Posted on 19 September 2012 by brett
Red wine and water fountain of Bodegas Irache Winery (1891)
Is it ever too early in the morning to drink wine in Spain? A few kilometers from Estella lies Bodegas Irache’s fountain of wine. It was 8:30 in the morning but we couldn’t pass up the opportunity to drink from the magical fountain of wine. The fountain was installed in 1991 for thirsty pilgrims on their way to Santiago. The inscription on the fountain says, “Pilgrim, if you want to arrive in Santiago with strength and vitality, drink a mouthful of this great wine and overflow with happiness!” Bodegas Irache Winery has been in operation sine 1891, but the vineyards of Irache have existed since before the 12th century and are closely linked to the nearby Irache Monastery. Interestingly, there is a live webcam pointing at the fountain enabling anyone to see pilgrims in “real time”…indulging in their red wine at Bodegas Irache Wine Fountain.
Grape tasting in Navarrean vineyards
Continuing on a beautiful country trail for 7 kilometers, we made our way to Villamayor de Monjardin. Upon approaching the village, we spotted San Esteban de Deyo Castle (formerly a Muslim fortress) perched high on the mountaintop. We thought for a second about the hour climb to the top, but quickly came to our senses as we remembered the 12 kilometers ahead to Los Arcos. We whizzed past the 12th century Romanesque Iglesia de San Andres, and departed from the other side of Villamayor. Continue Reading
Posted on 14 July 2012 by brett
Plaza View from Eger Castle
Most people we met en route to Hungary darted straight for Budapest, the capital city. Our engagement anniversary date is July 13th….. and we wanted to do something special in the wine country. Why? Because we were engaged at Matanzas Creek Winery in their beautiful lavendar gardens. Well, that’s easy! We will just swing by St. Stephen’s (10th century) town of Eger. But seriously, this is not a straight forward destination from places like Zdiar, Slovakia. Christie found the best route, which took over six hours and consisted of a bus to Poprad, train to Kotice, train to Fuzesabony, and train to Eger.
Eger feels like a cross between Mikulov and Olomouc in the Czech Republic. It has Olomouc’s vibrant university scene meshed with tons of historic buildings. Add wine country, thermal baths and there you have Eger. Eger’s wine tourism brings an older “cafe crowd” very much like Mikulov. So, if you’re not in school and have some time….. Eger could be perfect for you! Continue Reading
Posted on 27 June 2012 by christie
Does this place really exist?…Mikulov Town Square
When in Central/Eastern Europe…….. every town, city and country is extremely close and only a train ride away. Consequently, we struggled with where to go after Vienna. Should we hop on a one hour train east to Bratislava, Slovakia or perhaps travel west to Salzburg, Austria where “The Sound of Music” was set? In the wee hours of the morning, we decided on a quiet countryside setting in the Moravian wine country of the Czech Republic (CZ). While the Moravian Region is off the tourist radar, it’s known nationally as the best wine producing region in CZ. As it’s only a 1.5 hour train ride north of Vienna, it was a no brainer for our first stop in CZ….. before having to get to Prague by June 30th for Pearl Jam. Continue Reading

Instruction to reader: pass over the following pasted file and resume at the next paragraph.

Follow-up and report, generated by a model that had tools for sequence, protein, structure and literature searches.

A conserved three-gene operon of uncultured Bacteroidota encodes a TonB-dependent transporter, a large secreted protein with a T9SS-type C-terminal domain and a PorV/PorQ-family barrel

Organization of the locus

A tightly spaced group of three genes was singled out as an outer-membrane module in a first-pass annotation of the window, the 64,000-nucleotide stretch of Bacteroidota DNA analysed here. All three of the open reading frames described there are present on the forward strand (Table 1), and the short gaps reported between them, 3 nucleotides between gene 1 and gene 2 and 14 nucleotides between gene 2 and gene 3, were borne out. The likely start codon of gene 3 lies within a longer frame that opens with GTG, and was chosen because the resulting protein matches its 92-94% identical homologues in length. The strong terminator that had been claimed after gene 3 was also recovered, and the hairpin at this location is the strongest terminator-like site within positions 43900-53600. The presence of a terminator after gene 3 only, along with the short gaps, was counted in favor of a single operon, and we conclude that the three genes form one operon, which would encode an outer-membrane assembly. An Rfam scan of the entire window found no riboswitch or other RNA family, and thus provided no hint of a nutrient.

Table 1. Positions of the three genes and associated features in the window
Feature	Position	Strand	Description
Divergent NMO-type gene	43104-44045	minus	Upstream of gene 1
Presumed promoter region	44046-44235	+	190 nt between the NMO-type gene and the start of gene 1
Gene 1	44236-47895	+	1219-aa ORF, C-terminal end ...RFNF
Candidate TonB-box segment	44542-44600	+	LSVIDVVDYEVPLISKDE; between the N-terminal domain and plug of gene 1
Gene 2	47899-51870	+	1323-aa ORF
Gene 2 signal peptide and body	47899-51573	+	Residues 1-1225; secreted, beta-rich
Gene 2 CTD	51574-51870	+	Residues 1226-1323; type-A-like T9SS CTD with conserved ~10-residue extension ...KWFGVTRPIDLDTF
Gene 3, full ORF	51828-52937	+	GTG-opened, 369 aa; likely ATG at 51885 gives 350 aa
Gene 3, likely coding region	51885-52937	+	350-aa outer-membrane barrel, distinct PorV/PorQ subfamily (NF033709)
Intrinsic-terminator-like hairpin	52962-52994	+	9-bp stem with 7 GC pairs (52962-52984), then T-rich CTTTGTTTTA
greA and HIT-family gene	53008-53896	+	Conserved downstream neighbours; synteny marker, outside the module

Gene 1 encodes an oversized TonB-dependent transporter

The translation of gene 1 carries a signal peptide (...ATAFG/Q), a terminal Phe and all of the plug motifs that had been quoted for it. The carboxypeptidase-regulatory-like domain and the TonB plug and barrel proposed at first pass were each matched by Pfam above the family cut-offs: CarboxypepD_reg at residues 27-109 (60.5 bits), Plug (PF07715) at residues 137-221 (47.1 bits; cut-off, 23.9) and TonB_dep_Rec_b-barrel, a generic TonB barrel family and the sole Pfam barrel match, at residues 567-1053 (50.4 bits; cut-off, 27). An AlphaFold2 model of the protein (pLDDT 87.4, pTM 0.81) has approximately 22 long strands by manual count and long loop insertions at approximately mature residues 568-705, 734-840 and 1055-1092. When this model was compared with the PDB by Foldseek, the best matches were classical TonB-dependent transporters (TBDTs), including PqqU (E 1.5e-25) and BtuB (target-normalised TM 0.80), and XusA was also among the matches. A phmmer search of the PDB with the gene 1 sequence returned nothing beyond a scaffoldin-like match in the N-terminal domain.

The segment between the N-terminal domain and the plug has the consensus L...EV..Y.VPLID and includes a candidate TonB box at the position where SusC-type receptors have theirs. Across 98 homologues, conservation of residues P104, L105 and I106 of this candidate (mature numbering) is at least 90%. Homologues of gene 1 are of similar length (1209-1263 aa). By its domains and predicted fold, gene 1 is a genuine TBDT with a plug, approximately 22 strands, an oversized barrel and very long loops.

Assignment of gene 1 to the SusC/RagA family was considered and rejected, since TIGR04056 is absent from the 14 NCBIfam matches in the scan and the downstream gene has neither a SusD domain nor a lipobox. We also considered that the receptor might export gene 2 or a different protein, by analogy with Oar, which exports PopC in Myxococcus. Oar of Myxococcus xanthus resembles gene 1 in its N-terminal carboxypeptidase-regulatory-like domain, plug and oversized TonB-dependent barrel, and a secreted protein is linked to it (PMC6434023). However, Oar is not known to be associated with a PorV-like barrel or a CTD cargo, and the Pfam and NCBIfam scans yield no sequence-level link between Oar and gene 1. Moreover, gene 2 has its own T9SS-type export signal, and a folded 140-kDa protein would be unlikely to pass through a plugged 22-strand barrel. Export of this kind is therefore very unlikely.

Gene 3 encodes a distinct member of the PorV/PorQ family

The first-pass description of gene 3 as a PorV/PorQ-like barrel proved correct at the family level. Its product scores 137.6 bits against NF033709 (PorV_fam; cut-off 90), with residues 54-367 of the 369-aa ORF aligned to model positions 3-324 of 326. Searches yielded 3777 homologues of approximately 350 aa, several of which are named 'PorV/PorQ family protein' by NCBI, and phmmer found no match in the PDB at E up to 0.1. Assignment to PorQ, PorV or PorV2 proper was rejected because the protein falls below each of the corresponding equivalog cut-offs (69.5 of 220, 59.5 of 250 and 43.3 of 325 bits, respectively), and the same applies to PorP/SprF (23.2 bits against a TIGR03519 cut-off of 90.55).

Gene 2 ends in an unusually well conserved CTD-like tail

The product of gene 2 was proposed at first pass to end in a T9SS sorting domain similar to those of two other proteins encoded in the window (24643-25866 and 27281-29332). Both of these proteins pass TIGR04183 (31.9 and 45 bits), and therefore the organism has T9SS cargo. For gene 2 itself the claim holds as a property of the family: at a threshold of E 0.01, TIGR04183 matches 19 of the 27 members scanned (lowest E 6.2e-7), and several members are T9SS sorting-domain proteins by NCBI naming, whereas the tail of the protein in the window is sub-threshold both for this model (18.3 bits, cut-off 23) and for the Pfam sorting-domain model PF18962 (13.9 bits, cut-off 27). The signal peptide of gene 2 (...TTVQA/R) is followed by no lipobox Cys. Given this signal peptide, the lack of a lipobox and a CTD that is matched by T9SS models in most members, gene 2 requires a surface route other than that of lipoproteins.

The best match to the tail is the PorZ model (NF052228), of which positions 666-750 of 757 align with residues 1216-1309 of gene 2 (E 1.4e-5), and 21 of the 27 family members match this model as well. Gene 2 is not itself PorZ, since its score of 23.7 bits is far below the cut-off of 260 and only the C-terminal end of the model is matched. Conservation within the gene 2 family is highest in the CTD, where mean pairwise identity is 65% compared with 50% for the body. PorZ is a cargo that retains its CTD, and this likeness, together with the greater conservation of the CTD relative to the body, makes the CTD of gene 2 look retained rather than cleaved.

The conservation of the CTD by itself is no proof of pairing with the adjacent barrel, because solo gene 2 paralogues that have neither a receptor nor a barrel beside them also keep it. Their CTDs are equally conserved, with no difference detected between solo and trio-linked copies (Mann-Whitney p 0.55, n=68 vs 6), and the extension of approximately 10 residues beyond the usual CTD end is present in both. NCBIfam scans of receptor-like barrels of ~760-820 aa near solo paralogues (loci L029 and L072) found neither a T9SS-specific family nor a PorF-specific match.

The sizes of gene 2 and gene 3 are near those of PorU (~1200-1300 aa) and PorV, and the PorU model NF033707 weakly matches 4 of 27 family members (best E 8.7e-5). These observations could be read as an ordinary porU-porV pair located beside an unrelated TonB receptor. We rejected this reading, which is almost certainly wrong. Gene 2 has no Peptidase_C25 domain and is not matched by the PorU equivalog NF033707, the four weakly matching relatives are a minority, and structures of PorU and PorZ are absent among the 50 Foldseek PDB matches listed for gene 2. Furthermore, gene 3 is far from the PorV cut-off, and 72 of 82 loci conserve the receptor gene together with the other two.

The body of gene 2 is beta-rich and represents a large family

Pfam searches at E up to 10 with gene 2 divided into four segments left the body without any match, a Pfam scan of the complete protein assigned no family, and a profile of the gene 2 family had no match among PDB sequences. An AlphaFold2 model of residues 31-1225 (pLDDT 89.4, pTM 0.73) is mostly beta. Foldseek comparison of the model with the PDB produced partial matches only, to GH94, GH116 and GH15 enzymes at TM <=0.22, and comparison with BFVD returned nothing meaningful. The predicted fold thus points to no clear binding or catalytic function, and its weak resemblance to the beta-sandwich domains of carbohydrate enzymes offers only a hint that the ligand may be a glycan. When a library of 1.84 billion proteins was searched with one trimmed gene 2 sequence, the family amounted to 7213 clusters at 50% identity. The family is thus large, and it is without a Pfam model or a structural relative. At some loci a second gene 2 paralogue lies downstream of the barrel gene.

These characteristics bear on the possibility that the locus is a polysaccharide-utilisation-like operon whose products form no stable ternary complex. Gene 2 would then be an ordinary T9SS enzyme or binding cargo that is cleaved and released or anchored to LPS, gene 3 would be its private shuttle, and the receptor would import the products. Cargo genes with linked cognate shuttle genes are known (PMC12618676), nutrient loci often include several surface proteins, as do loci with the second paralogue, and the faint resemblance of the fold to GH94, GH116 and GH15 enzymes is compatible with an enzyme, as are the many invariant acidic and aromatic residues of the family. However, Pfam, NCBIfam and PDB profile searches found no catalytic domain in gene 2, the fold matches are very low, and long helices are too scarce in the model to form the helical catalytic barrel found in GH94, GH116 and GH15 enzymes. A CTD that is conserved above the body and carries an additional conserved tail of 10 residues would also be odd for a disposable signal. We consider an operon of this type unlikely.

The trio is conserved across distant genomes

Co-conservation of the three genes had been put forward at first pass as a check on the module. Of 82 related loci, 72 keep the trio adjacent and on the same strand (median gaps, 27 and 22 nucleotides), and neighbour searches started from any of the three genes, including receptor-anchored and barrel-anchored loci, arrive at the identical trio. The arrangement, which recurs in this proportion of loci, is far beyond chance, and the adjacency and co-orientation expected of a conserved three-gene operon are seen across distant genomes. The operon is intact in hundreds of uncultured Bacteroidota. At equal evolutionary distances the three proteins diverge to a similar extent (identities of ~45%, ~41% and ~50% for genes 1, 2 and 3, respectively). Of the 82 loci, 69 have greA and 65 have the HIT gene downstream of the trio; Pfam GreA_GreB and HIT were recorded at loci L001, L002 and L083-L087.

Posted on 06 June 2012 by brett
Backyard Wine Making
To most, Israeli wines are only used for religious reasons. Until this week, I could not name one Israeli wine brand besides Manischewitz. It’s true, Israel has traditionally produced mostly Kosher wines of “lower quality”. The topics of quality vs. quantity and increasing non-religious consumption came up severals times as we toured Israel’s wine country. In total, we drove 700km from Tel Aviv to Zichron Ya’akov, Golan Heights and the Upper Galilee. I’m proud to say that we covered a good taste of what Israeli grapes have to offer.
Israel has a distinctly Mediterranean climate with hot, humid summers (April – October) with very little precipitation and a cold, rainy winter (late October to March). Its latitude is similar to San Diego, California. Baron Edmund de Rothschild, a co-owner of Chateau Lafite recognized the opportunity to pioneer modern Israeli winemaking . Around 1882, he sent Israel grape varietals from southern France to help Jewish entrepreneurs kickstart a new industry. We learned that many of these growers were of Romanian descent. His vineyards were planted in Zichron Ya’akov (e.g. Carmel Winery) and Rishon Le Tzion, south of Tel Aviv. Continue Reading
Posted on 09 February 2012 by brett
Photo fun with Cambodian kids
We have finally made it to Cambodia after a surprisingly easy border crossing through Eastern Thailand to our destination of Battambang. The name Battambang was initially the big attraction since it’s the name of our favorite Cambodian restaurant in Oakland, California. The small french colonial town has been a wonderful introduction to Cambodia. We are very happy we made the trip here as it gets missed by most travelers who head straight to Siem Reap. The Cambodian people are quite lovely and the children are incredibly adorable. Cambodia is surprisingly refreshing and we are enjoying it much more than we thought. The US dollar rules the street and you can use local “Riel” currency for small items if needed. $1 = 4,000 Riel Continue Reading